Uncle, a Poem by John Thieme

John Thieme
I watch my nephew’s pimpled kite soar sunwards,
in a weaving, looping, long ambitious arc.
Although it’s heading for the phone wires,
I tell him all is well, no need to worry.
If the string gets snagged, I’ll scale the poles and free it.
I took a climbing course in eastern France.

Tomorrow there’s the crucial match with Chelsea.
He’s heard the pundits say they think we’ll lose.
I quote statistics that show they may be wrong,
and tell him tales of glory in defeat.
He still maintains that winning makes you better.
I say we always live to fight another day.

But yesterday he found out life is not forever.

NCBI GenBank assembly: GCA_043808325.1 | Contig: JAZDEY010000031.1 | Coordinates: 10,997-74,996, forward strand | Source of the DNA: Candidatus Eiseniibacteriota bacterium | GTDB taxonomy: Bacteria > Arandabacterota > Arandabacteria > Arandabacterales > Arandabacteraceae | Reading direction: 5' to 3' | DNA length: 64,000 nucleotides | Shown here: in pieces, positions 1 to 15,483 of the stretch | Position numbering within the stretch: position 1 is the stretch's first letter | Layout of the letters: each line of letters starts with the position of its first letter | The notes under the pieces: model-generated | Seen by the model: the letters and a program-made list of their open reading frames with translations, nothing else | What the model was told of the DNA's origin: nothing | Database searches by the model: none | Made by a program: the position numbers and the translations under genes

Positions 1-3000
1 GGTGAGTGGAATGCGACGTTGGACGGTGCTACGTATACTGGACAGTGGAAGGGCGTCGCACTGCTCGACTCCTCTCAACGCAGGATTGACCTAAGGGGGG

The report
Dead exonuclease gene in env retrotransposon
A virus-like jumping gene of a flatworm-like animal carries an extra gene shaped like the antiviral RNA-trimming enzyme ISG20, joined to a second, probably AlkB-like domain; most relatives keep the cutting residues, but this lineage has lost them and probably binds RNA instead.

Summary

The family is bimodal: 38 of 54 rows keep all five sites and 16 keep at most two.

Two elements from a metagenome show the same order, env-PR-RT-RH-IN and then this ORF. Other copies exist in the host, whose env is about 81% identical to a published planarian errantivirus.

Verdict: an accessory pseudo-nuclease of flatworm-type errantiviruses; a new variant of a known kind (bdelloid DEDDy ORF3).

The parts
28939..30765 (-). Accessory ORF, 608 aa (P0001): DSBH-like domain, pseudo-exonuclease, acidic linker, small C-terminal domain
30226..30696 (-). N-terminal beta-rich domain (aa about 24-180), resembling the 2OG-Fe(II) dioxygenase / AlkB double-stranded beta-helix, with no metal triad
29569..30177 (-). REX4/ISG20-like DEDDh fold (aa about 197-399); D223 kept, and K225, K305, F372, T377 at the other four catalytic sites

We held a private funeral in the garden,
a matchstick cross, a jamjar coffin packed with rice.
We prayed that Spudzy will find friends in hamster heaven.
I told my nephew he’ll fly higher than the kite.

Out in the street we see a blackened limo,
heading a string of earthbound mourning cars.
My nephew asks about the meaning of a hearse.
I say it carries people to a fairground
of Ferris wheels that spin forever,
above the wires, the kites, the clouds, the sun.
He asks if Spudzy will enjoy his rides there.
I say I’m sure he will, then keep my counsel.
I wonder when he’ll ask about my sister,
the mother he was much too young to know.